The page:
An extraordinary anti-war film that does not engage in polemics. The Messenger's extreme effectiveness is due to the brilliant acting of the two principal characters played by Ben Foster and Woody Harrelson.
Staff Sgt. Will Montgomery (Ben Foster), who demonstrated great courage under fire in Iraq, is sent to Fort Dix, New Jersey, and given an interim assignment while waiting discharge from the service. He is paired with Capt. Tony Stone (Woody Harrelson), a career Army man. They are assigned to visit fallen soldiers' next of kin to deliver the sad news of the soldier's death.
Tony instructs Will on how it is to be done. They are to read from a script, offering the condolences of the Secretary of the Army, and never to physically touch the next of kin unless the individual appears to be in need of assistance, like having a heart attack, after hearing the news. Their encounters with family members have enormous impact on them and the movie audience.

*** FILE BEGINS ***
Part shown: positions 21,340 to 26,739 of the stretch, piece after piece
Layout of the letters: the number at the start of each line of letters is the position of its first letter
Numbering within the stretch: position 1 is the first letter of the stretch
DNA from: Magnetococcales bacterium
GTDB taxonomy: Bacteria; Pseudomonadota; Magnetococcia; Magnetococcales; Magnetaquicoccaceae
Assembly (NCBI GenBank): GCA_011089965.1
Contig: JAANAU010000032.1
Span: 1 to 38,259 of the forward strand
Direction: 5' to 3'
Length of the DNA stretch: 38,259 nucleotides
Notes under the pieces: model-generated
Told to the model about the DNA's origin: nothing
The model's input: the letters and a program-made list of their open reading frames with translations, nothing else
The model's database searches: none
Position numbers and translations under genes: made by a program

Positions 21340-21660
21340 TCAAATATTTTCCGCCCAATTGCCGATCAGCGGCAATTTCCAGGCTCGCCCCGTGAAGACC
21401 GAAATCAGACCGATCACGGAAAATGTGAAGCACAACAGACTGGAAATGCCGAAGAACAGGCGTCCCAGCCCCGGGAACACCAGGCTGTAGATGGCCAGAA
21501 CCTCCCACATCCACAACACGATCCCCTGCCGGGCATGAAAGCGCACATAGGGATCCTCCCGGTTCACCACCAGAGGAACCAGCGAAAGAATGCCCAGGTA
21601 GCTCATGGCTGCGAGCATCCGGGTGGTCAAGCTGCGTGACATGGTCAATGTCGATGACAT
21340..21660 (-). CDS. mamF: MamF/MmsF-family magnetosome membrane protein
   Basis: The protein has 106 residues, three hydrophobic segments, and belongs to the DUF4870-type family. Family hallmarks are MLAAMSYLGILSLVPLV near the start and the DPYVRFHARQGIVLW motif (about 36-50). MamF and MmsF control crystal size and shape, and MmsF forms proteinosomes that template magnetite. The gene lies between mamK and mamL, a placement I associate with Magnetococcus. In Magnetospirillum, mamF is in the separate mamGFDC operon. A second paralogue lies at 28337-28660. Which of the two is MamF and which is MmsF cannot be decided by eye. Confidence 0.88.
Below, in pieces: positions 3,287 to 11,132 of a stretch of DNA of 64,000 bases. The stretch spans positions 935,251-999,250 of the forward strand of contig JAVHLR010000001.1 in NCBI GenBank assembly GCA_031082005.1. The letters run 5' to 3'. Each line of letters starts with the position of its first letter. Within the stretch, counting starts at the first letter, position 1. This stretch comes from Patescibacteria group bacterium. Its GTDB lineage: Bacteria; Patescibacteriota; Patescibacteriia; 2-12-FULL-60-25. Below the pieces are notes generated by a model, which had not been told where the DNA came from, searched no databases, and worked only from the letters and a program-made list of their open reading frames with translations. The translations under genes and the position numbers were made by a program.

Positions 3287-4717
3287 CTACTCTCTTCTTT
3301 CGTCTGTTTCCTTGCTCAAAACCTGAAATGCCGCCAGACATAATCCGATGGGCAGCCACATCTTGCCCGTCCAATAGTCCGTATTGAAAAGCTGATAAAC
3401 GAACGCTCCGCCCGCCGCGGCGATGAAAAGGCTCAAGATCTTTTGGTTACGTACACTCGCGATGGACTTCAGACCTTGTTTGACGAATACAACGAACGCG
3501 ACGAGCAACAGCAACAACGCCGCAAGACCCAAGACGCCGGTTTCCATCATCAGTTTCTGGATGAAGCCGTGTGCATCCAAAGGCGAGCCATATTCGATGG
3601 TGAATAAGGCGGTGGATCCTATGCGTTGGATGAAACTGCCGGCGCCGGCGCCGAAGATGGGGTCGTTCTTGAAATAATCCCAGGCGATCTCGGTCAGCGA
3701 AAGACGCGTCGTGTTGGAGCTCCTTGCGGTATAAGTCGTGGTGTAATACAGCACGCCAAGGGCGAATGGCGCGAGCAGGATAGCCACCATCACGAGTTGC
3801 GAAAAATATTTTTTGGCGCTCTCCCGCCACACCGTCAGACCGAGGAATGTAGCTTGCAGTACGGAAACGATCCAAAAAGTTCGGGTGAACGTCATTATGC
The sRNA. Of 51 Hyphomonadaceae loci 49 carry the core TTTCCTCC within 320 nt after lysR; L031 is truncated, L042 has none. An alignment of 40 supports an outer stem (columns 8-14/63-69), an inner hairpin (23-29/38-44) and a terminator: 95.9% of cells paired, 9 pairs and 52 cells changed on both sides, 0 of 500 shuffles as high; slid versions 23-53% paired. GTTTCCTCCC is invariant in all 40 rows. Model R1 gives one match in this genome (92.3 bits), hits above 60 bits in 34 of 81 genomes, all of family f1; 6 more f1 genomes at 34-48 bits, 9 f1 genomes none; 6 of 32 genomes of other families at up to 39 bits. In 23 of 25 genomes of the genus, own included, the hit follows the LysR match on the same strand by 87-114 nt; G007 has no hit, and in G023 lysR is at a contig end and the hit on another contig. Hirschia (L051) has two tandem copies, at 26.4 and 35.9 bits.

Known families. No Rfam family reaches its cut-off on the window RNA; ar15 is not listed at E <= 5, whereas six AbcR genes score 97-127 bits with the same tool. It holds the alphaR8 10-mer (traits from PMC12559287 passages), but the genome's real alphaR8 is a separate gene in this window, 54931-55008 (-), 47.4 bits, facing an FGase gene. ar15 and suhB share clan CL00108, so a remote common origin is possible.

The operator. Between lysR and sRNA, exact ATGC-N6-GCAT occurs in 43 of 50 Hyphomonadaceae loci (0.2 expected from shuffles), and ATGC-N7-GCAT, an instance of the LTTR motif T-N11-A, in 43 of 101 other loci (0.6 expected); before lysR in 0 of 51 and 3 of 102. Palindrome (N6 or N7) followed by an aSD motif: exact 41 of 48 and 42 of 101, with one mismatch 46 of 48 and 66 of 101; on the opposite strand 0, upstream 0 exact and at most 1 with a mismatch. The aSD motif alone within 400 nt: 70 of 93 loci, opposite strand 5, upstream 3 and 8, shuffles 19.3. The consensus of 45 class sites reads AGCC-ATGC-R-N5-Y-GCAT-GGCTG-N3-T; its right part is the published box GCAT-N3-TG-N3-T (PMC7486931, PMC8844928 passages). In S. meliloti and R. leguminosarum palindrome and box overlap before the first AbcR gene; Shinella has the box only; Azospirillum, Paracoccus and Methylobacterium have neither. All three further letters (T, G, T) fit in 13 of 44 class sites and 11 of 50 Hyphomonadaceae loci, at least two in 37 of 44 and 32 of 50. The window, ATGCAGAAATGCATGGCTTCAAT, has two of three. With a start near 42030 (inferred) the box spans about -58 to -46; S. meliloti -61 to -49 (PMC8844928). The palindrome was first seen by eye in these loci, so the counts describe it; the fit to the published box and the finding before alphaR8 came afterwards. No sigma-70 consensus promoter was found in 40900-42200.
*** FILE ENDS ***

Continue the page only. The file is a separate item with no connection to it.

In one case, Dale Martin (Steve Buscemi), the father of a fallen soldier, can't accept the news and begins to strike Will, the messenger. On another occasion, a mother and a pregnant girlfriend receive the news and engage in withering screams. On a third call, the news is delivered to a young, white woman, Olivia Pitterson (Samantha Morton), whose fallen husband is African American. This encounter leads to a relationship between Samantha and Will. The conversations and arguments between Will and Tony ring true to life and are brilliantly acted.